Push for voters to decide reduced pot penalties

ALBUQUERQUE (KRQE) – There is a new push to let people caught with a small amount of pot off easy in Albuquerque and Santa Fe.

Tuesday petitions were filed to let voters decide if marijuana penalties should be reduced.

If voters passed the measure, people caught with less than one ounce of marijuana and paraphernalia in Albuquerque and Santa Fe would no longer face jail time and would only pay a $25 fine.

Currently people caught in Albuquerque face up to a $50 fine or up to 15 days in jail for the first offense, and up to a $500 fine and 90 days in jail when they’re caught again.

Santa Fe’s ordinance is similar.

The groups Progress Now New Mexico and Drug Policy action are behind the push to change the law.

They said officers have better things to do than going after low-level marijuana users. The group also said the current law hits poorer communities and young people the hardest.

“What it’s going to do instead of creating a problem where somebody might go to jail for being a low level recreational marijuana user they can pay a fine like a traffic ticket and move on about their life,” Pat Davis, Progress Now NM, said. “They don’t have to worry about that hanging over their head forever when it comes to get scholarships or jobs… And or we’re going to save millions in public safety money so officers can focus on more serious crimes.”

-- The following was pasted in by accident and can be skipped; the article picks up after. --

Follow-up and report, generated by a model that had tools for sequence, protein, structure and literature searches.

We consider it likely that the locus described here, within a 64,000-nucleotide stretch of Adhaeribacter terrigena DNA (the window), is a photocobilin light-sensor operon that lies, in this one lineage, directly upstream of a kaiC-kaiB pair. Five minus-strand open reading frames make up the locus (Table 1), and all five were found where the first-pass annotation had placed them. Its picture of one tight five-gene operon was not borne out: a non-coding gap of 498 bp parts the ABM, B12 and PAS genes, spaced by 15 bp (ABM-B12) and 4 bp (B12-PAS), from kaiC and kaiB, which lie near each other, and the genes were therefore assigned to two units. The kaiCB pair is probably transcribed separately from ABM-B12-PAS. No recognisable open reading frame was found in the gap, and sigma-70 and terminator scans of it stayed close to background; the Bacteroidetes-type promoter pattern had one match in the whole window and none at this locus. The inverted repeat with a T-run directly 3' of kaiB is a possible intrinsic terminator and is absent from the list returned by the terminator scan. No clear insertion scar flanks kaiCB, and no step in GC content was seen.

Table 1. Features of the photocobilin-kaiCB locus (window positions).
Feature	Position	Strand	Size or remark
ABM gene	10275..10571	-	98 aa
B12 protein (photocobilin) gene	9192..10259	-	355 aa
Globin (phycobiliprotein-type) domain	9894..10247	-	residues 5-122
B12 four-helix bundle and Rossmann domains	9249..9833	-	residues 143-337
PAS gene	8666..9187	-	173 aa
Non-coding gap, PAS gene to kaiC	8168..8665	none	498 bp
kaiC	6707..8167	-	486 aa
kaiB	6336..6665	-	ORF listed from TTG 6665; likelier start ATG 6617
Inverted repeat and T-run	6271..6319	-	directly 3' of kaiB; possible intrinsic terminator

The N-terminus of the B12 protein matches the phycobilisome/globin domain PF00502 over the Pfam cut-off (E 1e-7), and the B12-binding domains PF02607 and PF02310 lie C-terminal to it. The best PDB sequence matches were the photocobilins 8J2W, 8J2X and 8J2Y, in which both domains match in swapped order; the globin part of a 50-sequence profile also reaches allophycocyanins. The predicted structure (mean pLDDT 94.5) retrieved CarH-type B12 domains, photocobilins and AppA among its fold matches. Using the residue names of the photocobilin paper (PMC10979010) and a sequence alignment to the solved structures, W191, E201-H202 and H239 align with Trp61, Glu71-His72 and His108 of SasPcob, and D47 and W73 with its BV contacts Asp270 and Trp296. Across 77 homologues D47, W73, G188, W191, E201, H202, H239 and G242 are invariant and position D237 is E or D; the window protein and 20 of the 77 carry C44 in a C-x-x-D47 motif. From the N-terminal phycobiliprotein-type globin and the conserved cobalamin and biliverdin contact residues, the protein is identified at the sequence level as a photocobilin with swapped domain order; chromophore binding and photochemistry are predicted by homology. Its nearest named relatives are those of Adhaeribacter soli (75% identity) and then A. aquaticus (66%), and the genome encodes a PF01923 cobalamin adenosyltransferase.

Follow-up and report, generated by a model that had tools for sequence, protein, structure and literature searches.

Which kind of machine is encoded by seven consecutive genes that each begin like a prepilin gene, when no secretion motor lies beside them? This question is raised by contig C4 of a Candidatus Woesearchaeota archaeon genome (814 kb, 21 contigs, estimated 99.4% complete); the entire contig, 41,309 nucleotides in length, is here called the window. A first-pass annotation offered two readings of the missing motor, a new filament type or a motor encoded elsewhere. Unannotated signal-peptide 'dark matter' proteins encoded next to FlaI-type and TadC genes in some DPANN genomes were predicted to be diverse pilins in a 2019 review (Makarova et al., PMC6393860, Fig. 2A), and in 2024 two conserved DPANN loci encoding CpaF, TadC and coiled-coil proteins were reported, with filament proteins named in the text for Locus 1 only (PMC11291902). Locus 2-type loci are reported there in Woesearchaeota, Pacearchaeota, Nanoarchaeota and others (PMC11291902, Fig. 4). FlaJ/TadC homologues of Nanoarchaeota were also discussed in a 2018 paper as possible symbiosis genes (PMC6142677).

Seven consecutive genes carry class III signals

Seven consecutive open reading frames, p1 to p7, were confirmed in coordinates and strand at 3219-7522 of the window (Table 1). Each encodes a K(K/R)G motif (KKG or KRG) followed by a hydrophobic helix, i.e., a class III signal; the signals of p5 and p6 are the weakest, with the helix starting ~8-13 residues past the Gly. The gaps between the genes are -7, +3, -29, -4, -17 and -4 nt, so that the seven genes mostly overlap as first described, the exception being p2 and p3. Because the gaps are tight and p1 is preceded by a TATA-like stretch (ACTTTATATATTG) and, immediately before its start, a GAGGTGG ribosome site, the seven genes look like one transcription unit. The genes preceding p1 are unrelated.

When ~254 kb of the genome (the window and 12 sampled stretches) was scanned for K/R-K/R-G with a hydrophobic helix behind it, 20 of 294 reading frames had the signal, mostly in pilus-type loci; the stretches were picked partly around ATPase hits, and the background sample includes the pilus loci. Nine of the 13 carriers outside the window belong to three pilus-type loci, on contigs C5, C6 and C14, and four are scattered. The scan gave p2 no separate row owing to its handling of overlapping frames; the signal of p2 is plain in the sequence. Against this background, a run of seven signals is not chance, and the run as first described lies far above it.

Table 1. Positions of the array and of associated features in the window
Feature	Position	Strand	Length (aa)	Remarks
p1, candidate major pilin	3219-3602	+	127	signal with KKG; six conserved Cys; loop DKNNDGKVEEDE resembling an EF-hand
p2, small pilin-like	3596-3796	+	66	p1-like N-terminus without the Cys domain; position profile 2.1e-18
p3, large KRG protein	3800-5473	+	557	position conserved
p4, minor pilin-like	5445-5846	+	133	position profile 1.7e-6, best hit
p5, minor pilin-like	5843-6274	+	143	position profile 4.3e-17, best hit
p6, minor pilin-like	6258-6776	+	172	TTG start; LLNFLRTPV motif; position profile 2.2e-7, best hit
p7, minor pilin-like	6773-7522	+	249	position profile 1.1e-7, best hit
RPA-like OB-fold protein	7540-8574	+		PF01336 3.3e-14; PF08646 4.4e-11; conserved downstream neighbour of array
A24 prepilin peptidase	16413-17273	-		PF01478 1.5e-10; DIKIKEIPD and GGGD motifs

However, state law still stands and it includes jail time.

City Councilor Don Harris says that’s a problem.

“Really this is pretty meaningless because any police officer can choose to cite under state law than city ordinance… I assume that’s what they do anyway.” Harris said.

The groups agree officers, judges and city leaders would have discretion in choosing whether to charge someone under city or state law.

City councilors say the groups will need to collect about 20,000 signatures to get the measure on the ballot in Albuquerque alone.

They say they will work through the summer to get it done.

If enough signatures are collected, the measure would either end up on the November ballot, or a special election would have to be held.

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